Next page . . . . Previous page . . . . Speeches . . . . Contents . . . . Debates(HTML) . . . .

Legislative Assembly for the ACT: 2003 Week 9 Hansard (26 August) . . Page.. 3218 ..

MR CORBELL (continuing):

committee of officials in 2000. For those reasons, quite considered reasons, the government did not agree to that recommendation.

Mr Smyth also made comments about whether the GENHAZ process should be a basic requirement of all licence applications to the Office of the Gene Technology Regulator. GENHAZ is a way of undertaking a risk assessment in relation to the potential application of GMOs. However, it is quite clear that GENHAZ is not the best methodology to be used in all circumstances.

It was developed in Britain in 1991 as an inductive risk assessment method. Since that time it has not been widely used. In Australia it has been used by a commercial arm of the Pest Animal Control Cooperative Research Centre, located at CSIRO's sustainable ecosystems precinct in Canberra, and its advice has been that it is not a suitable process to apply to all types of applications which go to the Office of the Gene Technology Regulator. On that basis, the government has taken the decision not to accept that recommendation. (Extension of time granted.)

Mr Smyth also raised, if I recall correctly, the issue of the government not agreeing to recommendation 13, which is the recommendation that clause 72A be withdrawn from the ACT bill and replaced with a reference to the Gene Technology (Licence Charges) Act or that alternative legislation be introduced. The government did not agree to this recommendation, Mr Speaker, because it believes, based on the advice it has received, that it would simply be a case of there not being a corresponding law. It would not be of benefit to the territory or, indeed, to the proper regulation of GMO organisms in the territory if we were not part of the national regulatory framework.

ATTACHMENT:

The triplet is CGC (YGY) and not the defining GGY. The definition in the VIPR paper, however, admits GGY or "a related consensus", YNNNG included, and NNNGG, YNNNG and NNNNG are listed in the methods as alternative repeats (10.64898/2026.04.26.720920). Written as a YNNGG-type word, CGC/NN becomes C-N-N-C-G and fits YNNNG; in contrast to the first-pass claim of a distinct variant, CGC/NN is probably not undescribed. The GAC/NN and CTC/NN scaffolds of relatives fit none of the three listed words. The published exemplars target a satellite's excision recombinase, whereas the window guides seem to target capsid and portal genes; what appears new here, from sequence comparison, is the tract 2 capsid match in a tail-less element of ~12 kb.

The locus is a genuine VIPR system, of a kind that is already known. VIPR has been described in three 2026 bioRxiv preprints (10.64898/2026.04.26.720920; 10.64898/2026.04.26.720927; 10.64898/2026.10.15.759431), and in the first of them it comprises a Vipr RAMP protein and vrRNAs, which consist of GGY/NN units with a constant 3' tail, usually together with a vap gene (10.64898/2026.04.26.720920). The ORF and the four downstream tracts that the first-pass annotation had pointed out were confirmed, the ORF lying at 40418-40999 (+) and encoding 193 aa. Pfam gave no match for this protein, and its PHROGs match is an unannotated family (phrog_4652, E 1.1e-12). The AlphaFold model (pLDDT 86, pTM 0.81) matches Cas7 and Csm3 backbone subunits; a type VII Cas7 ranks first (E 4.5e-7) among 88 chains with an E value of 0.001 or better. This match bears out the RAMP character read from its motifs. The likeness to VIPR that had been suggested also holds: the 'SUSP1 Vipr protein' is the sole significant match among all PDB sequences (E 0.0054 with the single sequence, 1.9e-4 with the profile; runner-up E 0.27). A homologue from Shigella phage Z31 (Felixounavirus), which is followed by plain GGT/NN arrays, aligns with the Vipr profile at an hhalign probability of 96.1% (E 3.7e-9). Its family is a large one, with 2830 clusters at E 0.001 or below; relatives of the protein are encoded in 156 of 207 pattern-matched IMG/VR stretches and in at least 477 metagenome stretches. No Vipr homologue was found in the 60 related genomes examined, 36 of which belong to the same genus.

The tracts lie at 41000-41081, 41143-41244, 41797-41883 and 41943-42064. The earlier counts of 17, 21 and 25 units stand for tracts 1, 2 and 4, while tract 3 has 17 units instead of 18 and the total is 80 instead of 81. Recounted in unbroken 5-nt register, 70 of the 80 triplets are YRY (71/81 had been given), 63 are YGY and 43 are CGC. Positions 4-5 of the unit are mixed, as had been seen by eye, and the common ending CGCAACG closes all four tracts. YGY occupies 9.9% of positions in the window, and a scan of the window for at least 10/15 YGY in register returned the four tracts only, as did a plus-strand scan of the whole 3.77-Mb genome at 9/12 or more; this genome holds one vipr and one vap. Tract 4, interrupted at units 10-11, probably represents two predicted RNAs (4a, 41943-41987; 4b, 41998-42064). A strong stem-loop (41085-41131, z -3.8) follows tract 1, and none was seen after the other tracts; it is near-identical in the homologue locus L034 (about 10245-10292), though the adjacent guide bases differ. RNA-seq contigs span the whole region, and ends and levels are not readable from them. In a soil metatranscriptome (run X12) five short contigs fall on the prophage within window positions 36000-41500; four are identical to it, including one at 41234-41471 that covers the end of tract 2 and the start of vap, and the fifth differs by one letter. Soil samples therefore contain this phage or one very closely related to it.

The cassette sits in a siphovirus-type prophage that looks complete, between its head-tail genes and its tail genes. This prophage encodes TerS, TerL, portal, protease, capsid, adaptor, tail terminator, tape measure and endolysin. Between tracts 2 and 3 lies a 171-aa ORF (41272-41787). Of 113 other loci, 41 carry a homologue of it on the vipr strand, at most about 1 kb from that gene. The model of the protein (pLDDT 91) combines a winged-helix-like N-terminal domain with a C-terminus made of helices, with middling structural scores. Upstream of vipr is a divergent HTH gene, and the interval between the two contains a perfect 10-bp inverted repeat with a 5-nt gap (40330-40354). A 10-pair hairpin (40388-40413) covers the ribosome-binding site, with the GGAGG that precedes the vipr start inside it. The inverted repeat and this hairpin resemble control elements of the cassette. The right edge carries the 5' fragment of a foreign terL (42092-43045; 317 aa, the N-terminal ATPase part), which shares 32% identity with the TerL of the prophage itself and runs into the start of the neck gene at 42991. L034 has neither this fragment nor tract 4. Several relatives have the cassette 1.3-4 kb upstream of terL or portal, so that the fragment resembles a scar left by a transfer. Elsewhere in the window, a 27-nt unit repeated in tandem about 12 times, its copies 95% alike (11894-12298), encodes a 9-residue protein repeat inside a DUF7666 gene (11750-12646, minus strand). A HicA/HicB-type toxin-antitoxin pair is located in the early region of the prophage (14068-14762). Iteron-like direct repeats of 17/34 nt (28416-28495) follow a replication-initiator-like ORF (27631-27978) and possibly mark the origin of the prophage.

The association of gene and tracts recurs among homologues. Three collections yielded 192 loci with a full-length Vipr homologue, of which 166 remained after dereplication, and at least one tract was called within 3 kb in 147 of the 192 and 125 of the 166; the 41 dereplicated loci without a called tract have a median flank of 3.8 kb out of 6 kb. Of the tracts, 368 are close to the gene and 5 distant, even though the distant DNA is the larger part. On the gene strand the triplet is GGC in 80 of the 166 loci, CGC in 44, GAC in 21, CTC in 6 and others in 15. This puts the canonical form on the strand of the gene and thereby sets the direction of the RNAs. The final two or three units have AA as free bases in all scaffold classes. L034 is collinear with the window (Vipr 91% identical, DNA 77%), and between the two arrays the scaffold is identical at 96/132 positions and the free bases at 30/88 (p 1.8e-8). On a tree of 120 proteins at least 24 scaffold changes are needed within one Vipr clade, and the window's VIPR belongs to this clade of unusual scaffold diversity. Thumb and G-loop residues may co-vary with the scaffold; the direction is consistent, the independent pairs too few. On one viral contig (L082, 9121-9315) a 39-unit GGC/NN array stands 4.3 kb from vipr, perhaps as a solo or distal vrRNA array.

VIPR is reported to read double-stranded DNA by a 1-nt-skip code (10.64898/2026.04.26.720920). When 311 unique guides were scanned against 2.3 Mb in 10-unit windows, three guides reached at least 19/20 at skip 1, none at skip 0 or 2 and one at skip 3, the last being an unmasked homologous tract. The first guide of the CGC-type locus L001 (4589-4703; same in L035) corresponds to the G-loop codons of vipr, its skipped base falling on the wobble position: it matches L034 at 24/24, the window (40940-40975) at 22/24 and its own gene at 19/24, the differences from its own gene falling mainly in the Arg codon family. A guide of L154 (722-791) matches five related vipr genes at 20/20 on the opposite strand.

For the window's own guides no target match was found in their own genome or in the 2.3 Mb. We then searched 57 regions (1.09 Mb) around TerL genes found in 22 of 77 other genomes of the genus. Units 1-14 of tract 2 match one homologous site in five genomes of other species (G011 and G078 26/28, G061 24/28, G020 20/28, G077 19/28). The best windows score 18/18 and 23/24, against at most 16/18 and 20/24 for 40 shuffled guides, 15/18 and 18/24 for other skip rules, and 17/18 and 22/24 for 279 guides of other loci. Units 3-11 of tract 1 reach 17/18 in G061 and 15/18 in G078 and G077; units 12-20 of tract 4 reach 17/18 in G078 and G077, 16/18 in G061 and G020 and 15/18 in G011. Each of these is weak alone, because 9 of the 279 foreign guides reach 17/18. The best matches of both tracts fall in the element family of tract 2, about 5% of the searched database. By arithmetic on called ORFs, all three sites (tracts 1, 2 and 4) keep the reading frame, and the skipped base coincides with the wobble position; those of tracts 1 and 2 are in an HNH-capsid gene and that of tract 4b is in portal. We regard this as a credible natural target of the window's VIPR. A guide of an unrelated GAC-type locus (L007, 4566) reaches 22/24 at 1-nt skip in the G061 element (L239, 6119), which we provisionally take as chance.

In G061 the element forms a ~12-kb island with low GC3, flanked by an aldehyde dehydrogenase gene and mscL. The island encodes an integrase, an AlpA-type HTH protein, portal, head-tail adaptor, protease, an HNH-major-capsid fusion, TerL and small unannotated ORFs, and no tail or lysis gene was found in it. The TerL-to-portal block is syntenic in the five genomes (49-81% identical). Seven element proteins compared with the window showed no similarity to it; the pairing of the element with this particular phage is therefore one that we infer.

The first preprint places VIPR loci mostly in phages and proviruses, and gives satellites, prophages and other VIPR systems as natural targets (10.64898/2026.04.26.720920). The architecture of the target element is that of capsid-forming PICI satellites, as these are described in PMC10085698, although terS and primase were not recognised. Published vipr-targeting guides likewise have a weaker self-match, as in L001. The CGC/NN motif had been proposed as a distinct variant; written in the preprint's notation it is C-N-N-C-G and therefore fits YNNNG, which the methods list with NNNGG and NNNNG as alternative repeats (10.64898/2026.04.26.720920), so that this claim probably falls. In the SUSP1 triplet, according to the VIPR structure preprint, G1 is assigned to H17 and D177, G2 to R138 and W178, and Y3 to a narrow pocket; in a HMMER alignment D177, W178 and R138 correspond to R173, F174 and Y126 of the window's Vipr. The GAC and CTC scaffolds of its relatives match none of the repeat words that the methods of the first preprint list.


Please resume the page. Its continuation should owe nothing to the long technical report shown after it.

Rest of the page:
The issue of the precautionary principle was also raised and I have addressed that already. The government's response is considered and comprehensive. We are conscious of the issue of the precautionary principle, which I understand is the key issue that Ms Tucker is going to raise. We think it is already well embedded in the legislation which was passed at the Commonwealth level and which our legislation abides by. Mr Speaker, I commend the bill to the Assembly. I foreshadow that the government has a number of minor technical amendments that have been brought to my attention by the Office of Parliamentary Counsel since the bill was introduced. They are not substantive or policy in nature, but simply seek to clarify some operations of the proposed law.

I commend the bill to the Assembly.

Question resolved in the affirmative.

Bill agreed to in principle.

Detail stage

Clause 1.

Debate (on motion by Mr Corbell ) adjourned to the next sitting.

Next page . . . . Previous page . . . . Speeches . . . . Contents . . . . Debates(HTML) . . . .